History of the Alumnae Association of the St. Luke's Hospital School of Nursing
The Alumnae Association of the St. Luke's Hospital Training School for Nurses was incorporated in 1898 under the laws of New York State with the following objectives:
"To promote the interests of the St. Luke's Hospital Training School for nurses, to raise the standard of nursing generally, to cultivate social intercourse among the
alumnae of said school, to assist the members of such corporation in obtaining professional employment, to aid them in promoting and protecting their rights and interests,
and to provide a fund for the benefit of sick, infirm or disabled nurses, graduates of the said school."
By 1912 the association had established a fund to benefit sick nurses, and for the sum of $15,000, endowed a room in one of the private pavilions of the hospital
for ill alumnae. Sixteen years later it endowed a second hospital room for association members only; full payment of $25,000 was made in 1928. Funds were raised through
card parties, benefit performances, book sales, dinner dances, and donations from nurses, physicians, grateful patients, and friends of St. Luke's. When the private pavilions,
Plant and Scrymser, closed, the endowed rooms were no longer available; however, the association still offers benefit funds to alumnae in need.
Opening a central registry for private duty nurses was both an essential and practical undertaking by the association. In the 1800s, with few telephones available, private
duty nurses made the rounds of physicians' offices where they left their cards. When they finished a case they mailed another card to physicians with the word "disengaged"
written on it. The hospital maintained a registry of private duty nurses, but by 1897 found it impracticable to continue. Many of the nurses lived in group residences in
Manhattan; the medical staff knew where they could be reached. Indeed, at one time the doctors went to the residences and took the nurses to their cases. Moreover, the
hospital annually published contact information of graduates doing private duty nursing. That service was discontinued in 1901; shortly thereafter, the physicians found it
increasingly burdensome to call on the various residences, and it became glaringly evident that a central registry was needed. The first opened at St. Luke's in 1904, but for
the previous three years private duty nurses had no organized help to secure employment. By 1908 the registry had relocated outside the hospital and was self-supporting,
having been subsidized by the alumnae association during its first four years.
The association's name was officially changed in 1942 to "The Alumnae Association of the St. Luke's Hospital School of Nursing" but the letters "TSN" remained on the
graduate pin until the last class graduated in 1974.
Later homecomings, organized and partially funded by the association, were held in 1961, 1965, 1970, 1974, 1988, 1998 and the final such event in 2009. The association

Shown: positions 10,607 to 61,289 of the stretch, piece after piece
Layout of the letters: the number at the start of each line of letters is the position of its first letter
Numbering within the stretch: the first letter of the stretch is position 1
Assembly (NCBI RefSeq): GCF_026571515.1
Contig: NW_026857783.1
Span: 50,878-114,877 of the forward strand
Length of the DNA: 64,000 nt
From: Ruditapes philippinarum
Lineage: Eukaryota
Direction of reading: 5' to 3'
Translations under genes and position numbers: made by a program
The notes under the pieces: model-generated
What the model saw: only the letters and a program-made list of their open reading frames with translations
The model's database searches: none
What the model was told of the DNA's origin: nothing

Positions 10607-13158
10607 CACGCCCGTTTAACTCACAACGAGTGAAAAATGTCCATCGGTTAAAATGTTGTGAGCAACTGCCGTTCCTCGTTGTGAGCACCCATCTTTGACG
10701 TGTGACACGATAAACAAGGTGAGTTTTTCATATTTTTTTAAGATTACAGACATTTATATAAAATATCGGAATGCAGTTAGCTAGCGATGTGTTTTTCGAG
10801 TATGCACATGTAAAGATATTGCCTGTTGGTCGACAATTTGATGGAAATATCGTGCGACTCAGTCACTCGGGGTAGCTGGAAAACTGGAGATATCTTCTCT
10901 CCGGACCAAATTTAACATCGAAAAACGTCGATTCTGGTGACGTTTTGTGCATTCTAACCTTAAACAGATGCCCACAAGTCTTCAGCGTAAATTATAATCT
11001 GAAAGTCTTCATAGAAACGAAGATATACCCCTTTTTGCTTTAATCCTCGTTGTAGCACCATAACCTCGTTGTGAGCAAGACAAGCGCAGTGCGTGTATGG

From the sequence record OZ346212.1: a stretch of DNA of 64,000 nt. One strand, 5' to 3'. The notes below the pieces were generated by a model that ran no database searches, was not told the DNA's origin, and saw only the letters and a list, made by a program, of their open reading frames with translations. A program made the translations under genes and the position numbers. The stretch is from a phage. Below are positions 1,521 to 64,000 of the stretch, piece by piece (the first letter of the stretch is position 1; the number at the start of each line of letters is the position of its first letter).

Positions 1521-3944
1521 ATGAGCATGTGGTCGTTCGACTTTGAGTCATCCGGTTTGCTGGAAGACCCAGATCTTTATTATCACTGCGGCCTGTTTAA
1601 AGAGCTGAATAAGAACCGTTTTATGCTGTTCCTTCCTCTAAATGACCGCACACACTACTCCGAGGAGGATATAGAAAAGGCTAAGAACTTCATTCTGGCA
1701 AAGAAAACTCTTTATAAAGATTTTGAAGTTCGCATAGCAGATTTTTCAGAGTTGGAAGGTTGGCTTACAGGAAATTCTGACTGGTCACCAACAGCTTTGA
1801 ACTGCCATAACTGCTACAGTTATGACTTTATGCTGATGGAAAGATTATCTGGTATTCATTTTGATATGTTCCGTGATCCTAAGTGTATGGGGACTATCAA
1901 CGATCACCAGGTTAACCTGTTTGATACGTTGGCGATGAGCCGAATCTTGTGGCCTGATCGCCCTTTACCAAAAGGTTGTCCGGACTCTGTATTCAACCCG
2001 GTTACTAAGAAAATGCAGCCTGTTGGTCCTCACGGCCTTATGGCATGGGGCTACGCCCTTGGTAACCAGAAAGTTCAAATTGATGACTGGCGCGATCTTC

regularly sent delegates to nursing and health-related conventions, thus ensuring, at both the state and national level, an ongoing awareness of the strength of the school
and the strong commitment of its graduates to improving health care and raising the standards of nursing. Indeed, three St. Luke's alumnae served as presidents of the New York
State Nurses Association: Maud Biedermann Jack 01, Mabel Porter Detmold '12 and Evelyn Marjorie Peck '46.
During Evelyn Peck's 1969-1973 term as president of the NYSN Association, Governor Nelson Rockefeller signed into law the 1972 Nurse Practice Act, a first in recognizing
nursing as an independent profession. She also held national office in the American Nurses Association.
The alumnae association cared for its own through sick benefit funds, the previously mentioned endowed hospital rooms for alumnae use, scholarships, loans, grants, Christmas
boxes to shut-ins and flowers to ill graduates. A memorial service was held each October in the hospital chapel on or about the feast day of St. Luke; alumnae attending the
annual Christmas tea or buffet brought gifts for distribution to pediatric patients. At least once a year the association sent clothing to the Frontier Nursing Service,
founded in 1925 by Mary Breckinridge '10.
Barbara E. '60 packing baskets of toys donated by alumnae for distribution
to pediatric patients in clinics and the hospital. (Click photo to enlarge.)
Finding itself with a surplus of benevolent funds in 1962, the organization voted to send each member over age 70 a $50 check at Christmas; this policy continued through 2006.
Board members sporadically maintained a "pin bank" whereby alumnae or their families donated the graduate pin that was then given to a St. Luke's nurse who had lost her own. Perhaps
the strongest contribution of the association was the communication it maintained with alumnae through its Bulletin, at first published quarterly, then three times a year, and
mailed to alumnae who were association members. Membership dues were paid yearly.